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The Transition from School to Jail: Youth Crime and High School Completion Among Black Males, Second Version

  • Antonio Merlo

    ()

    (Department of Economics, University of Pennsylvania)

  • Kenneth I. Wolpin

    ()

    (Department of Economics, University of Pennsylvania)

In this paper, we study the relationship among schooling, youth employment and youth crime. The framework, a multinomial discrete choice vector autoregression, provides a comprehensive analysis of the dynamic interactions among a youth’s schooling, work and crime decisions and arrest and incarceration outcomes. We allow for observable initial conditions, unobserved heterogeneity, measurement error and missing data. We use data from the NLSY97 on black male youths starting from age 14. The estimates indicate important roles both for heterogeneity in initial conditions and for stochastic events that arise during one’s youth in determining outcomes as young adults.

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File URL: http://economics.sas.upenn.edu/system/files/working-papers/09-002.pdf
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Paper provided by Penn Institute for Economic Research, Department of Economics, University of Pennsylvania in its series PIER Working Paper Archive with number 09-002.

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Length: 45 pages
Date of creation: 02 Sep 2008
Date of revision: 16 Jan 2009
Handle: RePEc:pen:papers:09-002
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  1. Jeffrey R. Kling, 2006. "Incarceration Length, Employment, and Earnings," NBER Working Papers 12003, National Bureau of Economic Research, Inc.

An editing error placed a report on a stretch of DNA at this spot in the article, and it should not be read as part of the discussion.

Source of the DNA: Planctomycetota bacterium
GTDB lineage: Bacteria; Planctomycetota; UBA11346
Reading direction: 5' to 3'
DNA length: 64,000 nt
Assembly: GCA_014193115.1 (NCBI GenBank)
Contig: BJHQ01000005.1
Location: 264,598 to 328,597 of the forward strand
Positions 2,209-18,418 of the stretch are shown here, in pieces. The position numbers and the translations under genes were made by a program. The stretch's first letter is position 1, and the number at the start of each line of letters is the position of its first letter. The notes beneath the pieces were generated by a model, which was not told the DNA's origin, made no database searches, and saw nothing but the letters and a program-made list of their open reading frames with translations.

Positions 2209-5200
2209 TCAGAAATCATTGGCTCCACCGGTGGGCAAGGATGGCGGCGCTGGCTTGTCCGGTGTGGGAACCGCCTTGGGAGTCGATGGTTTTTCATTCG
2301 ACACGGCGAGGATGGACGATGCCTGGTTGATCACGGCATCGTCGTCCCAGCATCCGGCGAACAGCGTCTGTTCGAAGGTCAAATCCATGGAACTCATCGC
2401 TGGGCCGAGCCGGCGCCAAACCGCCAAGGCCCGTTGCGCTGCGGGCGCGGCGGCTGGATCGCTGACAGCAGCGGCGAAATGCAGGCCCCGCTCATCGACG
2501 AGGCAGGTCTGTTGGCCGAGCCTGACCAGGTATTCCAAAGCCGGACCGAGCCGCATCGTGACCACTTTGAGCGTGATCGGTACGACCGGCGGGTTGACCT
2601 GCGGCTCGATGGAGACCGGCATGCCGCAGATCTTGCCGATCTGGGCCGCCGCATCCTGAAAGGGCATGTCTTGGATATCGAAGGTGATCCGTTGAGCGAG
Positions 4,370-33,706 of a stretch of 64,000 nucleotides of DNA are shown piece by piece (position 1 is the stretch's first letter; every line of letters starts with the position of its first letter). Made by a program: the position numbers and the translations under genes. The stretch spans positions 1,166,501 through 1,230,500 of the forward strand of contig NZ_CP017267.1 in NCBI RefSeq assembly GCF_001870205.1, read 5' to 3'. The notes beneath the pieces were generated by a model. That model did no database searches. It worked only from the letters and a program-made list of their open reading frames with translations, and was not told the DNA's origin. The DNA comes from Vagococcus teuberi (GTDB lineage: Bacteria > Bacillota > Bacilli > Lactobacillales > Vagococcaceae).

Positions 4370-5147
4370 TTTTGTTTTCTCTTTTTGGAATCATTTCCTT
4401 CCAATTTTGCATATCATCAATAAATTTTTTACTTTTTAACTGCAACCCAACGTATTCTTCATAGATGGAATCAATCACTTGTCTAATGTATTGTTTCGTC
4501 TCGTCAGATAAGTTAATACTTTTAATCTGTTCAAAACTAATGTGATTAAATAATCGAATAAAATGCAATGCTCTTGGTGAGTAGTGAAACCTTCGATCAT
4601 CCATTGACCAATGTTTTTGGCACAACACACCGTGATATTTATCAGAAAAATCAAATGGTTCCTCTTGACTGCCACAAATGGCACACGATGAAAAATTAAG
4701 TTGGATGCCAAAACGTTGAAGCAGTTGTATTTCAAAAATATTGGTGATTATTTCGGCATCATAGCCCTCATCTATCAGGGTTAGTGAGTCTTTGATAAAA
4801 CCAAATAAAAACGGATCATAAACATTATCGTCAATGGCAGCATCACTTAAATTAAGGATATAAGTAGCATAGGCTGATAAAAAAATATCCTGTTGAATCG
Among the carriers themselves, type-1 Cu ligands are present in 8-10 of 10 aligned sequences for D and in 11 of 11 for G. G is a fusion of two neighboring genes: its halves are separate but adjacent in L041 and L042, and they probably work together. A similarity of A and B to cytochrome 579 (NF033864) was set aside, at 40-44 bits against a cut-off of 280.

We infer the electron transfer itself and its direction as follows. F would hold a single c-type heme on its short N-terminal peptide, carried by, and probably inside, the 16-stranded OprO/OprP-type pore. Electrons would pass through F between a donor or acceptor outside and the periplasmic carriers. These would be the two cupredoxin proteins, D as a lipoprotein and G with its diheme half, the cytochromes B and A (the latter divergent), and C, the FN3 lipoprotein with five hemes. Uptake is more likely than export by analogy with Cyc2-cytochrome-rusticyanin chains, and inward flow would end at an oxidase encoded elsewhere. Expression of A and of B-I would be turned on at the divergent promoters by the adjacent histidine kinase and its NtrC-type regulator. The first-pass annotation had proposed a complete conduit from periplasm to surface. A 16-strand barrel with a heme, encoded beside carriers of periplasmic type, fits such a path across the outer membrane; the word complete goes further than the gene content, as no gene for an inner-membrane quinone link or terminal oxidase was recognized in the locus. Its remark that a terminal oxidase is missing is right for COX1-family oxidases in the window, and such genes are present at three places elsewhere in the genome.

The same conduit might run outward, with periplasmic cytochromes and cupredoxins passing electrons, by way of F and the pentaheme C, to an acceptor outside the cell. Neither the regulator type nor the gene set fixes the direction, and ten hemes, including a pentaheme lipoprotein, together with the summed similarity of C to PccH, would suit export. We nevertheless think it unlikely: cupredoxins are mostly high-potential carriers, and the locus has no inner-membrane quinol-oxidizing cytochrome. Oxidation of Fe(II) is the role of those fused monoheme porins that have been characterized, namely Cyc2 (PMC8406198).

2. Lance Lochner, 2004. "Education, Work, and Crime: A Human Capital Approach," NBER Working Papers 10478, National Bureau of Economic Research, Inc.
  3. Michael P. Keane & Robert M. Sauer, 2010. "A Computationally Practical Simulation Estimation Algorithm For Dynamic Panel Data Models With Unobserved Endogenous State Variables," International Economic Review, Department of Economics, University of Pennsylvania and Osaka University Institute of Social and Economic Research Association, vol. 51(4), pages 925-958, November.
  4. Jeffrey Grogger, 1995. "The Effect of Arrests on the Employment and Earnings of Young Men," The Quarterly Journal of Economics, Oxford University Press, vol. 110(1), pages 51-71.
  5. Richard B. Freeman, 1996. "Why Do So Many Young American Men Commit Crimes and What Might We Do About It?," NBER Working Papers 5451, National Bureau of Economic Research, Inc.
  6. Robin C. Sickles & Jenny Williams, 1999. "Turning from Crime: A Dynamic Perspective," School of Economics Working Papers 1999-08, University of Adelaide, School of Economics.
  7. Ehrlich, Isaac, 1973. "Participation in Illegitimate Activities: A Theoretical and Empirical Investigation," Journal of Political Economy, University of Chicago Press, vol. 81(3), pages 521-65, May-June.
  8. Brian A. Jacob & Lars Lefgren, 2003. "Are Idle Hands the Devil's Workshop? Incapacitation, Concentration and Juvenile Crime," NBER Working Papers 9653, National Bureau of Economic Research, Inc.